THE Times/Australian story about Robert Waddington on
Saturday was a good, memorable piece of journalism. Waddington, as
Dean of Manchester a decade ago, was an assiduous and successful
abuser of young boys.
In the Times story, his conduct, in Manchester and
earlier in Australia, was reported three times to the then
Archbishop of York, Dr David Hope. He never passed these complaints
on to the police, though he certainly believed them by the end, to
the extent of withdrawing Waddington's permission to officiate.
In the light of this refusal, it is difficult to understand Lord
Hope's denial that there was any cover-up. Failing to report
matters to the police or other proper authorities is exactly what
constitutes a cover-up. You don't need to go around murdering the
witnesses or anything.
The comment on this from the child-protection officer involved,
Ray Morris, was also illuminating: "My own take is that Archbishop
David was very much of the old school. He took responsibility for
things. He formed judgements and he proceeded on that basis. If he
believed Waddington posed no threat at the time, then he really
But what really lifted this story out of the ordinary rut, so to
say, of horrible child-abuse stories was the long interview with
one of the victims, Eli Ward. He wasn't simply a loser from the
deal, something that makes the price he paid all the more
"Eli Ward has a taste for good wine, a liking for handmade
shoes, and a well-spoken manner that suggests an expensive
education rather than the reality of his working-class roots in
"But he frequently despises his love of the finer things because
they were instilled in him by the clergyman who groomed and abused
him throughout his teenage years. . .
"'It feels to me now that the things I love today, they're all
linked to him,' says Mr Ward, 40. 'Every day I have a glass of wine
I think it's because of him. And I like £300 shoes and that's
because of him.
"'I come from Salford but I speak like this because of
The story of his seduction is also really well told: "Waddington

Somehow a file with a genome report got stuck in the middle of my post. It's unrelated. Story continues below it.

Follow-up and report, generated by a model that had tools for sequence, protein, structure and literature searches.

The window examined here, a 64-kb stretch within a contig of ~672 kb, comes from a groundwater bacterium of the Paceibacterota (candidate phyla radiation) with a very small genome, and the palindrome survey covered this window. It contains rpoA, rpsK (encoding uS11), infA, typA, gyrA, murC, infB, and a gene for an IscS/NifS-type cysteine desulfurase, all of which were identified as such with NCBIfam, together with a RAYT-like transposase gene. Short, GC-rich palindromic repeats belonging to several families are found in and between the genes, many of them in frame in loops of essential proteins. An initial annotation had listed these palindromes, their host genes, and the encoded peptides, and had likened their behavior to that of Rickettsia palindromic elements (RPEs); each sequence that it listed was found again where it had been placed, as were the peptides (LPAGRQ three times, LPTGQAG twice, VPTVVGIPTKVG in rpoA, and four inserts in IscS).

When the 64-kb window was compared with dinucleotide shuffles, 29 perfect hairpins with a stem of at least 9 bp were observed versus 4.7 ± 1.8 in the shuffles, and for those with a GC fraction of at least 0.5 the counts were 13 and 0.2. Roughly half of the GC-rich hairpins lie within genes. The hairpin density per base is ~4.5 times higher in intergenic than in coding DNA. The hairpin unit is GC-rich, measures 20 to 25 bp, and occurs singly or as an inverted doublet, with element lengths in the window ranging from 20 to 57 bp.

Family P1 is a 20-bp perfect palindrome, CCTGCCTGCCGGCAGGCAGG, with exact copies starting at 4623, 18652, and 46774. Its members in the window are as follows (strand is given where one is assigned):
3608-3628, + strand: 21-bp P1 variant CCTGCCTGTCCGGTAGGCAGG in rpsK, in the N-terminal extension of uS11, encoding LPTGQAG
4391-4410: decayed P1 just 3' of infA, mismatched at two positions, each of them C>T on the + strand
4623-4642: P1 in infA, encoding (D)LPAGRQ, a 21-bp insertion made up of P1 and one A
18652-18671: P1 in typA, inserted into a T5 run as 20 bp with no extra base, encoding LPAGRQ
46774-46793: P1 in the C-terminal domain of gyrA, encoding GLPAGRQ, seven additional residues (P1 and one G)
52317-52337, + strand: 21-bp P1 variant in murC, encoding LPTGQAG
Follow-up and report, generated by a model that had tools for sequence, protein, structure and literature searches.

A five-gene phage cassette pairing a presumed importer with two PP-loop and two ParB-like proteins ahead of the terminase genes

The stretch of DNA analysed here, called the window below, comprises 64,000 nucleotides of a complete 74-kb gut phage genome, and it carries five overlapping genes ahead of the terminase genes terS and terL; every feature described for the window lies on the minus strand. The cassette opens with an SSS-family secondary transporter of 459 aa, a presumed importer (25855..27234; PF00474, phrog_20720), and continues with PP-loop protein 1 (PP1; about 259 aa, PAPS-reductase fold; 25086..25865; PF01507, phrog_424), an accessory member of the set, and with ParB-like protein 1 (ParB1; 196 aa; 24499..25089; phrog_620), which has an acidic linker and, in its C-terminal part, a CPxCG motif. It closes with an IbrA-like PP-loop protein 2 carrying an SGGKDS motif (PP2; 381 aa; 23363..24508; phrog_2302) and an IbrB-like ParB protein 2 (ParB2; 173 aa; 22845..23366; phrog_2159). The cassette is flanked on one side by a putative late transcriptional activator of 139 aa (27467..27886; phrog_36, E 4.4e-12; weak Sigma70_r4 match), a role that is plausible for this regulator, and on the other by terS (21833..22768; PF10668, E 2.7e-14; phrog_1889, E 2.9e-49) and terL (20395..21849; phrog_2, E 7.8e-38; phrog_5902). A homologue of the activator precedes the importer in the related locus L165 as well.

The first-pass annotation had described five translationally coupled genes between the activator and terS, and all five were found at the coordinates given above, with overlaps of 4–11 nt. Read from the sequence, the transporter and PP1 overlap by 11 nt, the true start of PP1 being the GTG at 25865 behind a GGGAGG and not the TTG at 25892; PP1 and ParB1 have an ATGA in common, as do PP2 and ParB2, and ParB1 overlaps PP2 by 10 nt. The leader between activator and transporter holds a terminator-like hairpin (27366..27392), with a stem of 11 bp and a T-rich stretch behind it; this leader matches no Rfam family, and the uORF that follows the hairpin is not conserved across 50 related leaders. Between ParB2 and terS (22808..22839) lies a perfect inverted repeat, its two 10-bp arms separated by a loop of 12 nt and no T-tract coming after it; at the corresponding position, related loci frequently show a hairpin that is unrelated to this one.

asked among the young choristers for volunteers to help to clean
the railings at the high altar.
"Mr Ward recalled how two or three helpers drifted away until it
was just him and the Dean. Then Waddington dropped his brush and
exclaimed 'S***!'. The boy, then aged 11, was shocked but the Dean
just laughed and told him not to worry. They spent the rest of the
afternoon 'giggling and singing the word "s***".'"
"By the age of 13, Mr Ward was sleeping in the Dean's bed. Hugs
became cuddles became kissing. The catalyst for sexual abuse, Mr
Ward recalls, was his distress over a break-up with a
I suppose the question to which we will never know the answer is
whether Waddington himself thought of this as love. If he did,
would that make him more or less guilty, a worse or better
THE other excellent story was Lucy Kellaway's lunch with the
Archbishop of Canterbury in the Financial Times. This
contained what is either the most stunning piece of image-making
since the Pope washed the feet of a Muslim woman, or a confirmation
of a real disdain for material comfort:
"Alas, today he isn't in the new shoes I'd read about; when he
lifts his foot to show me I see his old black brogues have holes in
"Mostly, he says, he gets his clothes at Oxfam. I suggest eBay
as an even cheaper alternative, though warn that sellers might be
surprised to find themselves posting their old clothes to Lambeth
For a member of the Parliamentary Commission on banking
standards to have lunch with the Financial Times while
wearing shoes with holes in them shows, if nothing else, just how
much self-confidence Eton and Trinity can give a man.
The other illuminating part of the story is when he is pressed
(for the umpteenth time, I imagine) on exactly what celibacy means
for gay clergy: "I'm not going to go into all the sort of
intricacies of what it might or might not mean specifically, not
least because we've just had lunch and it's a bad post-lunchtime
conversation. I'm not going there."
This capacity not to talk about what he does not wish to talk
about seems to me one of the most striking differences from his
prececessor, a man much more likely, in the popular imagination, to
walk around in shoes with holes in them.